So my niece sent us a drawing of herself with the instruction to take her to our places of employment and show her around. My actual job is kind of dull, but the people I work with are all sorts of interesting. So interesting in fact that whenever anyone comes for a visit and we're thinking of things we want them to experience while they are here, a visit to Caltech is in the top three (there is also a turtle / koi pond on the grounds - it's not all microscopes and bacteria around here).
Here's what Danyelle saw when she came to visit.
Behold the impressive Broad center, where science is happening.
Science is fun and interesting, but the first thing you need to do before you enter a lab is learn about lab safety! Always wear proper shoes, clothes, and sometimes even goggles and lab coats. Also, know where the first aid kit is and know how to use the emergency shower station in case you spill something on yourself that you need to wash off in a hurry.
Our biology lab specializes in taking the best pictures in the world of some of the smallest living organisms. Some of our favorite things to take pictures of are Caulobacter crescentus bacteria (a cousin of e. coli), mycoplasma pneumoniae (the bug that causes pneumonia), and the HIV virus.
Before we can take pictures, first we have to grow our bacteria in tubes. You can grow bacteria in just about anything. We use liquid solutions called media. Some of our solutions even have gold added to them! It only takes a few hours for bacteria to grow, so you can start a solution in the morning and take pictures of it after lunch! Once you have a nice group of cells to image, you need to place them on a slide or a grid so they can go into the microscope. Our lab uses both - a wet slide for light microscopy (the kind you're probably used to)
or a copper grid to put into our special, big electron microscope.
Since a drop of media can contain thousands and thousands of bacteria to take pictures of, we only need a tiny bit for each slide or grid. To help us, we use a special tool to pipette small amounts. It works just the same as a straw.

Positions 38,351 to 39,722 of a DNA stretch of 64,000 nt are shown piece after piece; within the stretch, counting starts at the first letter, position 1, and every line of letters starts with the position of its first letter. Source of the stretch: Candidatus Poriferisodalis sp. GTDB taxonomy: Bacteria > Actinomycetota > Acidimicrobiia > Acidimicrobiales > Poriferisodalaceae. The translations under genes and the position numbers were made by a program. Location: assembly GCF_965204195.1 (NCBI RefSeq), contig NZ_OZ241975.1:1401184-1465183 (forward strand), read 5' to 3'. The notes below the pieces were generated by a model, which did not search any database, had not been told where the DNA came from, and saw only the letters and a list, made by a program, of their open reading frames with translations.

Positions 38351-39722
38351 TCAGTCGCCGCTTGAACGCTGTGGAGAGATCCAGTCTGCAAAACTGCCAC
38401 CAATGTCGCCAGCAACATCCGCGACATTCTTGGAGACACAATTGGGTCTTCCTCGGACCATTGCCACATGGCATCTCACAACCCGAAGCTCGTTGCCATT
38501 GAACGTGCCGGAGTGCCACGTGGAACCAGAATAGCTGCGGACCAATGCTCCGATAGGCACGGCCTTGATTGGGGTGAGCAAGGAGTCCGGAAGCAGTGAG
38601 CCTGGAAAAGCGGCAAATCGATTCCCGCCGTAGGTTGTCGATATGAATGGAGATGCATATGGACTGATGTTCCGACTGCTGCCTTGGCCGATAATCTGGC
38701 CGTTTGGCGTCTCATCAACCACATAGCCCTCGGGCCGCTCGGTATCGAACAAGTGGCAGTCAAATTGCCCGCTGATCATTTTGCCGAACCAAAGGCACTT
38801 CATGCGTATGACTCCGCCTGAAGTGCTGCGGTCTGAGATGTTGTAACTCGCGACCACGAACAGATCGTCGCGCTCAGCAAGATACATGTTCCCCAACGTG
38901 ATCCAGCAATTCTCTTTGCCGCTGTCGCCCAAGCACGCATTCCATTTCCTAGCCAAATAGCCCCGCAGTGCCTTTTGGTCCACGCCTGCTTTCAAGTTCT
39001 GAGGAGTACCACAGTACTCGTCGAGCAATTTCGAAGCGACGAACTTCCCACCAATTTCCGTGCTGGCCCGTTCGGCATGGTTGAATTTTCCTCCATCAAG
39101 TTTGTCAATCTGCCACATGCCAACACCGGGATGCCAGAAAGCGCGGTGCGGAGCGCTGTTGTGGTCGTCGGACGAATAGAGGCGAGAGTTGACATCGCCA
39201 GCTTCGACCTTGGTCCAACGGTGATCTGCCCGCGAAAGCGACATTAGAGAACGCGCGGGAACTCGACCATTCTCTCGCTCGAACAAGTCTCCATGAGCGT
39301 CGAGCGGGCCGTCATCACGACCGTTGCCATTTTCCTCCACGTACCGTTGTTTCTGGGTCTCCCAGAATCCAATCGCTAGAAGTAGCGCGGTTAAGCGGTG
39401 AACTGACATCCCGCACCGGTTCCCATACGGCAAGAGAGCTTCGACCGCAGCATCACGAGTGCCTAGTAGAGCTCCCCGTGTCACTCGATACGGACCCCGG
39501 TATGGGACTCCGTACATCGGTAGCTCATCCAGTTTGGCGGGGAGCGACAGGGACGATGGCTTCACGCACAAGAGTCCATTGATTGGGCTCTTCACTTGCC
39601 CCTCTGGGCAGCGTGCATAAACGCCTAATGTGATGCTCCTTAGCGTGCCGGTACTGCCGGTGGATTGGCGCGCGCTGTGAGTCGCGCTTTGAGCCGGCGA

When your grids all have bacteria on them, it's time to take them to the basement where the electron microscope has its own special room to help protect it from movement and sound. Because when you're taking pictures of very small things, it helps to be as still as possible.
Taking pictures of things with an electron microscope is tricky because when you beam electrons on your bacteria, it makes them fall apart after a short time. And trying to figure out the structure of a bacteria after it falls apart is like trying to figure out how a watch works by looking at one that's been smashed by a hammer! Right, not very helpful. Scientists try to get around this issue by mixing their samples with special chemicals, embedding them in plastic, or freezing them.
Our lab uses a method called plunge freezing to create our samples. We use a machine called a Vitrobot to freeze our bacteria. Freezing protects the bacteria from the electrons and keeps them looking almost exactly the same as when they were swimming around in the media, but you have to freeze your samples very, very quickly in order to create clear, see-through ice. Freezing things too slowly will create crystals, and crystals will make for bad images just like having static on your television set will disrupt the picture. We drop our bacteria grids in a mixture of liquid nitrogen and ethane so they freeze instantly.
After they are frozen, the grids have to stay frozen solid. If they warm up even a little bit, the ice can make crystals. So we put the frozen grids in a cryo-holder (it's like a thermos filled with liquid nitrogen) until they are ready to put in the microscope.
The next step is to put the grid into the vacuum of the microscope and take your images. Our microscope is hooked to a series of computers that save the pictures you take. We also do a special technique called a tilt-series where you take a whole bunch of pictures of one bacterium at different angles.
After you take all the pictures you want to, the last step is to analyze your data - or look closely at the pictures you took. For a tilt-series, this last step is called reconstruction. It's where you take all the pictures and stack them on top of each other to create what we call a tomogram. Remember that gold we put into the solution? Under the microscope, that gold shows up as large black beads that we can use as markers when we are stacking images. This gives us a complete 3-dimensional image of our bacterium - a real break-through for seeing new things and figuring out how things work!
Here's an example of how a tomogram is put together to form a 3D picture and how it helps us learn about bacteria cells.
Thanks for taking a trip to our microscopy lab at Caltech today. I hope you learned a lot!